Research Highlight

Subject Category: Biomaterials and biosensors

NPG Asia Materials research highlight; doi:10.1038/asiamat.2009.229
Published online 6 July 2009

Nanoelectronics: Odor assessment

The first field-effect transistor-based bioelectronic nose to specifically detect odor molecules.

Human and animal noses are low-power, rapid-response organs that can sense and distinguish a multitude of odor and flavor molecules with exceptional sensitivity and selectivity. Designed to mimic these sensing abilities, electronic noses are devices used to detect food contamination or spoilage, monitor air and water quality, and to identify toxic substances and explosives. Jyongsik Jang and Tai Hun Park at Seoul National University and collaborators1 have now designed the first field-effect transistor (FET) based bioelectronic nose by combining human odorant-binding proteins (hOR2AG1) with nanotubes prepared from polypyrrole — a conducting polymer. FETs are particularly useful in such sensor applications because of their high sensitivity and fast response.

“Polypyrrole is a conducting polymer with superior conductivity and biocompatibility,” says Jang. “It is considered that organic polymer nanomaterials have higher affinity for bioreceptors compared to carbon nanotubes or other inorganic nanomaterials. In addition, useful functional groups were readily incorporated into the conducting polymer nanotubes through the polymerisation process.”

The researchers first expressed the hOR2AG1 proteins in E. coli cell membranes and synthesized nanotubes by templated polymerization using inert cylinders. They then patterned an interdigitated array of gold microelectrodes by lithography, treated the electrode array with a silicon-based coupling reagent, and laid out the conducting polymer nanotubes (CPNTs). The proteins were finally anchored to the nanotubes to afford an hOR2AG1-conjugated CPNT FET device (Fig. 1).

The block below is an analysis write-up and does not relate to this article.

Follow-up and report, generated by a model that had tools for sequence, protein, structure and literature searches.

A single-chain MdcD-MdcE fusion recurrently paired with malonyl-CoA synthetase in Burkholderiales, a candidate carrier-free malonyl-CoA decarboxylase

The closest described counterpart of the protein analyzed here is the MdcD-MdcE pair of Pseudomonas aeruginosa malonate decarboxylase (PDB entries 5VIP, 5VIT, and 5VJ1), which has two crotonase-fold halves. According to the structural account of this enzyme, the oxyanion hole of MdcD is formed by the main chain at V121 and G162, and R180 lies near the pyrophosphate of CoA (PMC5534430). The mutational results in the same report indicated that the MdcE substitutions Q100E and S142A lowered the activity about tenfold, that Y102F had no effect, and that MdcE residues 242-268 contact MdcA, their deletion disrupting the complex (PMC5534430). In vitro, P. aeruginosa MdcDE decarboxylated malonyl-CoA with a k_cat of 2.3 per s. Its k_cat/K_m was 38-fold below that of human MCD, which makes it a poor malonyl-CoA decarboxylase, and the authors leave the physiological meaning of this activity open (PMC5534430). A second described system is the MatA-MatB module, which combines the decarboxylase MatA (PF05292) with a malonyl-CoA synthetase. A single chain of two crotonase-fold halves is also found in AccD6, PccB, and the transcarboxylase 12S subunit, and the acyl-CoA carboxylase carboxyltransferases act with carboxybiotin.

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Fig. 1: Schematic representation of FET-based bioelectronic nose system showing the source electrode (S), drain electrode (D) and liquid-ion gate (G).

“Most FETs are fabricated by conventional lithographic techniques. However, in our study, the chemical binding approach offered better stability for sensing analytes in liquid phase and highly reliable contact between the nanotubes and the electrodes,” says Jang.

To evaluate the performance of their FET-based bioelectronic nose, the researchers monitored the source–drain current of the devices at low voltage in real time during exposure to various odorants. They found that the current increased linearly with the concentration of amyl butyrate — an apricot-smelling compound that responds specifically to hOR2AG1. Exposure to other odorants did not produce such a marked increase in current, suggesting that the bioelectronic nose is highly odorant specific. The researchers are planning to build systems capable of detecting complex odors by FET-based devices containing mixtures of different odorant-binding proteins. They also plan to study the interactions and interference effects in these systems.

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References

  1. Yoon, H., Lee, S.H, Kwon, O.S, Song, H.S, Oh, E.H, Park, T.H & Jang, J. Polypyrrole nanotubes conjugated with human olfactory receptors: high-performance transducers for FET-type bioelectronic noses. Angew. Chem. Int. Ed. 48, 2755 (2009). | Article | ChemPort |

This research highlight has been approved by the author of the original article and all empirical data contained within has been provided by said author.

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